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Cheeky Fly Fishing Mojo 425 Reel

Cheeky Fly Fishing Mojo 425 Reel

I can still hear the rain pelting the bill of my cap as I stepped aboard the water taxi in Ketchikan, Alaska. I had arrived to join a motoryacht delivery to Seattle via the Inside Passage, and I couldn’t wait to see the wild country. Little did I know it would be quite this wild: The September salmon run was on. Fish were leaping everywhere, nearly as numerous as the raindrops that pocked the water’s surface. As the water taxi putted along, I vowed that I would never again be caught near fishable water without a rod and reel.

Since I prefer fly-fishing, it had to be a fly rod and reel. For the latter I chose the Cheeky Mojo 425, and took it out on a warm winter outing to Long Island Sound in hopes of scaring up a resident striped bass. Made in the USA of aluminum and titanium, the Mojo 425 can handle lines from seven to ten weight; it will hold 350 yards of 30-pound gelspun with a ten-weight line, thanks to a wide spool designed to bulk up the backing, and the capacity only goes up with lighter lines. And it feels good in the hand. Weighing 7.3 ounces, the Mojo nicely balanced my graphite Orvis Zero-G nine-weight rod and gave me fast and silent line retrieval thanks to a removable clicker plate. (Some anglers like a click option when they reel but I’ve never seen the need.) The sealed KarbonEVO drag lets the spool turn smoothly and is infinitely adjustable between freespool and lockdown—very handy when you need to deal with lots of line in windy conditions to optimize your casting time. And sometimes that’s the point: to sneak away for a few exploratory casts when the tide is right and the water looks good. Or when it doesn’t.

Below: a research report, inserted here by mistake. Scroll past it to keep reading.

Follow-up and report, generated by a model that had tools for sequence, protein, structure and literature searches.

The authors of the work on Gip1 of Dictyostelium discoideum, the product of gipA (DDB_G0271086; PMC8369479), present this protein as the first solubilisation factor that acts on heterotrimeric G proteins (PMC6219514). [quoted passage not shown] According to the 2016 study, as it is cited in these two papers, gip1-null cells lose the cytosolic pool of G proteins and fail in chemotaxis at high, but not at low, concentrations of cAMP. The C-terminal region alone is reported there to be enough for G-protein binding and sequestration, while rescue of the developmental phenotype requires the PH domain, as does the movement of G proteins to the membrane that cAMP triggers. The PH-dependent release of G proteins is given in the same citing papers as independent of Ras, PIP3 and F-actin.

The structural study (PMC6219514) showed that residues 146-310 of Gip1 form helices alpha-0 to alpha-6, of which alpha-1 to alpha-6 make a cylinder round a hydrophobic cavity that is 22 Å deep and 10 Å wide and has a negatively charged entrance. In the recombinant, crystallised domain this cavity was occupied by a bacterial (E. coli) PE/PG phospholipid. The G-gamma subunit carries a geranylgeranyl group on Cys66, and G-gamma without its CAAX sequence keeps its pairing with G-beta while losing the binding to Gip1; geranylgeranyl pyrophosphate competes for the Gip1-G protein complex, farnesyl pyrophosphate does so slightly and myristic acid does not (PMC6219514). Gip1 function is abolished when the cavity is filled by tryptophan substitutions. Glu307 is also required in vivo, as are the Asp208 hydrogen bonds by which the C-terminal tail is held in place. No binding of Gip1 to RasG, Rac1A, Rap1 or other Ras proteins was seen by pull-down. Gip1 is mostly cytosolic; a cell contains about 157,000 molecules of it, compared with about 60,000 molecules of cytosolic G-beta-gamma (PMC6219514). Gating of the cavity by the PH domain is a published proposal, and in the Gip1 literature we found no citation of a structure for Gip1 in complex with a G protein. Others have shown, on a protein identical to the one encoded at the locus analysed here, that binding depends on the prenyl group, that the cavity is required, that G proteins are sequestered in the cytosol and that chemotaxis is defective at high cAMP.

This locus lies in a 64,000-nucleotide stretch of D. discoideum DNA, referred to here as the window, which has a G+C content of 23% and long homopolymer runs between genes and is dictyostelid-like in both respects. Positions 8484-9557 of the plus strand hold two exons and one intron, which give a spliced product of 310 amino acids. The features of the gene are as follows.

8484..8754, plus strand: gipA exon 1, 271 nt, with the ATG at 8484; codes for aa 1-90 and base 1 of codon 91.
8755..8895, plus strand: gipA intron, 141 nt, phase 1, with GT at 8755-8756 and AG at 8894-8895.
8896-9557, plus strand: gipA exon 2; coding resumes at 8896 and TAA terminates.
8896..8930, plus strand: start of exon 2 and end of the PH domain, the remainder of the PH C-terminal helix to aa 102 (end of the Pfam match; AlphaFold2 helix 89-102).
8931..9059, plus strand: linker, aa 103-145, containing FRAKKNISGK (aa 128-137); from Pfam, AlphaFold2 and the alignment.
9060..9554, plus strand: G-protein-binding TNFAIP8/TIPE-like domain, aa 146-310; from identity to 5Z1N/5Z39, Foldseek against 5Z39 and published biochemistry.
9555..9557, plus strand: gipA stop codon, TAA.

The 425’s frame and spool are anodized in bright, contrasting colors—the model I tested was blue and gold. That nontraditional palette has at least one advantage: It’s good-looking enough to leave out and rigged in an overhead rod rack, ready to fill your hand when the fish are numerous as raindrops.

Cheeky Fly fishing
(207) 650-5329.

This article originally appeared in the March 2012 issue of Power & Motoryacht magazine.